Ugly side of S’pore showbiz (Part 2)

An actor friend of mine just complained to me about getting screwed over by a production house.

He was offered $500 to act in a live event for a well-known MNC. The event is handled by a quite prominent production house run by a quite prominent individual. My friend accepted the offer and blocked the date for the job.

Three days later, the producer called to say that the fee has become $200.

Of course, my friend protested. How can $500 become $200??

The producer said he had thought he would be able to get that amount, but it turned out that he wasn’t able to.

A pretty lame excuse, if you ask me. My friend tried to negotiate. The producer said $250 tops, no higher.

Since my friend had already blocked the date and turned down other jobs for this job, he decided to take what he can get. He said he’d accept $250 on the condition that he’s paid on the day of the event.

The producer agreed.

Later, another phone call. The producer told my friend that he was going to hire someone else and that my friend wasn’t needed anymore, thank you.

WTF??????????????!!!!

I ask you. What are the little people to do?

The ugly side of Singapore showbiz

I was really annoyed yesterday.

I was so annoyed that I put this in my Facebook:

Demands! Woo...

This is an old recurring peeve, but I was annoyed because there was a casting call for actors/models for a print advertisement that was paying a pittance.

It’s reasonable enough to expect commercial work to pay commercial rates. But these people are offering rates much lower than non-commercial work rates. I get more money posing for photographers who are just practising. (I don’t do that anymore, though.) I even get more money acting in some student films. Duh.

But what’s worse is that there are people willing to do the job and will answer that casting call.

This affects the overall quality of work produced in Singapore. You see sub-standard actors and models appearing all over the place because many companies now prefer to hire untrained or untalented people because they’re cheaper.

So the rates just keep going lower and lower.

And the quality of creative work gets worse and worse.

I mean, have you seen actors and models who are so bad, you just want to shoot them to end everyone’s misery?

Have you seen commercials or TV shows that are so bad, you feel ashamed to admit you share a country with the people who produced them?

That’s because people aren’t freaking willing to pay for quality work!

Sometimes, I have no choice but to propagate the atrocity that is happening. I take a job even if the pay is sub-standard because, if not, I’m sitting at home not earning any income.

I try my best not to, but, once in a while, I feel compelled to cave in.

If I don’t take the job, someone else will and the production house won’t lose any sleep over it.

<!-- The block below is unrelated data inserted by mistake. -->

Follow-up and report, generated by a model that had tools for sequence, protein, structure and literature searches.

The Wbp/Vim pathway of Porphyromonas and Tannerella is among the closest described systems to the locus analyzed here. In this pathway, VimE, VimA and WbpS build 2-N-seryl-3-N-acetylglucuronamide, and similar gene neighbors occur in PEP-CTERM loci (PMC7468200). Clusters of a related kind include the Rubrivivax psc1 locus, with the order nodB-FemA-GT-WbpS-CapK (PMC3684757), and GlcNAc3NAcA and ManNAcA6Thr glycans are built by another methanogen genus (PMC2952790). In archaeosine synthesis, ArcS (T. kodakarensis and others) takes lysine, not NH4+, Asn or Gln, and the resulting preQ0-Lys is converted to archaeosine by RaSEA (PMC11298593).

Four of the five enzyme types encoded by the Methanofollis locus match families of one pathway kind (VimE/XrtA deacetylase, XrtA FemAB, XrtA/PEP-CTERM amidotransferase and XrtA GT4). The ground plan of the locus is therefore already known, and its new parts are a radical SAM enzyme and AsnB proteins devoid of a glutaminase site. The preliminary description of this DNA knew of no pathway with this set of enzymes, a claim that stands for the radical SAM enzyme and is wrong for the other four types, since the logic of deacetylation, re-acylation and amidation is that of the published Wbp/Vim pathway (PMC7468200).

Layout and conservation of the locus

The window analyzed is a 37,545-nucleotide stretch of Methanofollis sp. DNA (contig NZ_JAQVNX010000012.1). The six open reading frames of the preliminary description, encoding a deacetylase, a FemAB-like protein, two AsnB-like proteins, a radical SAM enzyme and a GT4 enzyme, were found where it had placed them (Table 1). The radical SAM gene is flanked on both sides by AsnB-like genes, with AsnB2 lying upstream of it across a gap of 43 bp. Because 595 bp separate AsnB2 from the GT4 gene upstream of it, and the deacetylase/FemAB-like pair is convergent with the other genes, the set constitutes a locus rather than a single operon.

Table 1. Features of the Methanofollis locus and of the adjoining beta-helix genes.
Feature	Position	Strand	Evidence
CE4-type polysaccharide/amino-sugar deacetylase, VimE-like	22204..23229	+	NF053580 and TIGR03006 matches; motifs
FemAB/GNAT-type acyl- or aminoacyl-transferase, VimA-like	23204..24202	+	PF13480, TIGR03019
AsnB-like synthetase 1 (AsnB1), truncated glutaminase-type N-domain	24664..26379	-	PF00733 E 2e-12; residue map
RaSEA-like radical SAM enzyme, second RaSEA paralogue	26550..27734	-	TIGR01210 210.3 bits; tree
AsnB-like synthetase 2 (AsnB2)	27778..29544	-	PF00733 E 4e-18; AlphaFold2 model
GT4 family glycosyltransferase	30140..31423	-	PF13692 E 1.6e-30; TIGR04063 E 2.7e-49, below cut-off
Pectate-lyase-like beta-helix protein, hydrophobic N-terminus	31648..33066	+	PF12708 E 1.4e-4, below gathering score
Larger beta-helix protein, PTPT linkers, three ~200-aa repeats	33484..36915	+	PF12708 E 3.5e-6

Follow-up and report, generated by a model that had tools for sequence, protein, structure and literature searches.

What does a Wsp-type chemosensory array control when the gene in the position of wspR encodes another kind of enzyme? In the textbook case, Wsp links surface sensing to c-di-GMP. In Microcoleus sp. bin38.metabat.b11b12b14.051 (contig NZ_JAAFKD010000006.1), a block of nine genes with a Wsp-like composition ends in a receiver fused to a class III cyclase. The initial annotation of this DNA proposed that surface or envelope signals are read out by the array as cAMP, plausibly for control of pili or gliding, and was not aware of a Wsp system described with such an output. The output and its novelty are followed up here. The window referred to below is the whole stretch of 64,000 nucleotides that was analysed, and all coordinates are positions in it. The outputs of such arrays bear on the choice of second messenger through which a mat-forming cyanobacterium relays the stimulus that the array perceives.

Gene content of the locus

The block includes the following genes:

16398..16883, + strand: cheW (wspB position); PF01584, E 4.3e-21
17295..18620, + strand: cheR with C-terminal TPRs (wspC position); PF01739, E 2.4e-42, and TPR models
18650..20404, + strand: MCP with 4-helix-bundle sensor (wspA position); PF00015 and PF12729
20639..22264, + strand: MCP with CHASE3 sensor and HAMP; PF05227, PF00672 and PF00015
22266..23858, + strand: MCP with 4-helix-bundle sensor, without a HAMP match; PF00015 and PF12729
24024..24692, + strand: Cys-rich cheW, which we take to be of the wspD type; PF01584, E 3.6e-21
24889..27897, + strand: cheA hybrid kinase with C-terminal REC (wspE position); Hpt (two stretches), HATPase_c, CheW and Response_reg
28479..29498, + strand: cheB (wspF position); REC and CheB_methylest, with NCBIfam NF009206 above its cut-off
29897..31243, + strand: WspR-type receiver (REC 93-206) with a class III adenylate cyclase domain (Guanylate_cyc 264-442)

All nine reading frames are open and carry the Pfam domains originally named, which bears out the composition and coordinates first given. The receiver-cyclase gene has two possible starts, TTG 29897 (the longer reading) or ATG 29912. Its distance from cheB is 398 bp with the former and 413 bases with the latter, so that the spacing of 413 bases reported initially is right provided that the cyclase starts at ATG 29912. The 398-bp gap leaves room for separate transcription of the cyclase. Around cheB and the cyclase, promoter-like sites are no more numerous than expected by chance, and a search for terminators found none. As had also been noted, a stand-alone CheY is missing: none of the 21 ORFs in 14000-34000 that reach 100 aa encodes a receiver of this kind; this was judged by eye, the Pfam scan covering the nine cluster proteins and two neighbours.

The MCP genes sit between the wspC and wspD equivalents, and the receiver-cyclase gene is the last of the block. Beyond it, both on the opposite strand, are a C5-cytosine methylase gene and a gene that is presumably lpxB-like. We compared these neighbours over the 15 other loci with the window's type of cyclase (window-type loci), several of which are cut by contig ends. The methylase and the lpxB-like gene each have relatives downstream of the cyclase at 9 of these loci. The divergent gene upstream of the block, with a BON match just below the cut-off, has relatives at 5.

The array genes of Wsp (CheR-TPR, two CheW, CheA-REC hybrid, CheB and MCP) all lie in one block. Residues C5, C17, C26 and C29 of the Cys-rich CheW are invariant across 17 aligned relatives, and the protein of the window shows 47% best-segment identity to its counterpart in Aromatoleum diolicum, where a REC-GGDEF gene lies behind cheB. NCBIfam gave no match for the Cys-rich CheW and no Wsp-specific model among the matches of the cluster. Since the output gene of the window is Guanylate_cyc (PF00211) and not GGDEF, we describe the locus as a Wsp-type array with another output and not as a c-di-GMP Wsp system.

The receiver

They know this and they’re exploiting the hell out of us.

Singapore needs an actors’ union. A models’ union. But I doubt that’s gonna happen in my lifetime because Singapore only cares about money. Companies have to be protected and allowed to exploit the little people so they can make even more money for the country.

Very sad lah.

Today, I received a call from a production house that produced a drama series I acted in.

I started work on it May 2007 but I haven’t gotten paid yet.

The payment terms had been made verbally with the project manager. There was no contract. It’s a big and reputable company. I had worked with them before, so I trusted that they would hold to their words.

What I didn’t realise then was that the project manager and the producer weren’t even staff of the company. The whole drama series had been outsourced to freelancers.

During the negotiation, the freelance project manager, after getting verbal approval from the freelance producer, agreed to pay me an extra $400 allowance on top of my regular episodic rate.

Today, the boss of the production house called to say that my invoice has an extra amount quoted, can I explain it?

I explained about the $400 allowance.

“The producer didn’t submit that amount,” was the reply.

What’s worse, both producer and project manager have conveniently disappeared off the face of the earth. Attempts to contact them have failed for a month.

“I know it’s a very small amount,” said the boss. “But I’m sorry I can’t give it to you because we need the producer to sign the approval for that amount first. Otherwise, the auditors will start asking us questions.”

So I can’t get my $400 until the producer reappears and is willing to vouch that he did agree to give me that amount.

If he reappears and if he’s willing to vouch.

It’s very possible that, should either of them ever resurface, they will just conveniently forget that they’d made me that promise, just to make things easy and save on paperwork.

Yes, I have that much faith in the human condition right now.

No matter, you know. Just exploit the little people. It makes the economy grow.

Anyway, I’m taking a break from being exploited, for now. I’m not answering any casting calls and going for any auditions unless the terms are reasonable.

I guess I’d better start thinking about how to make money with my blog.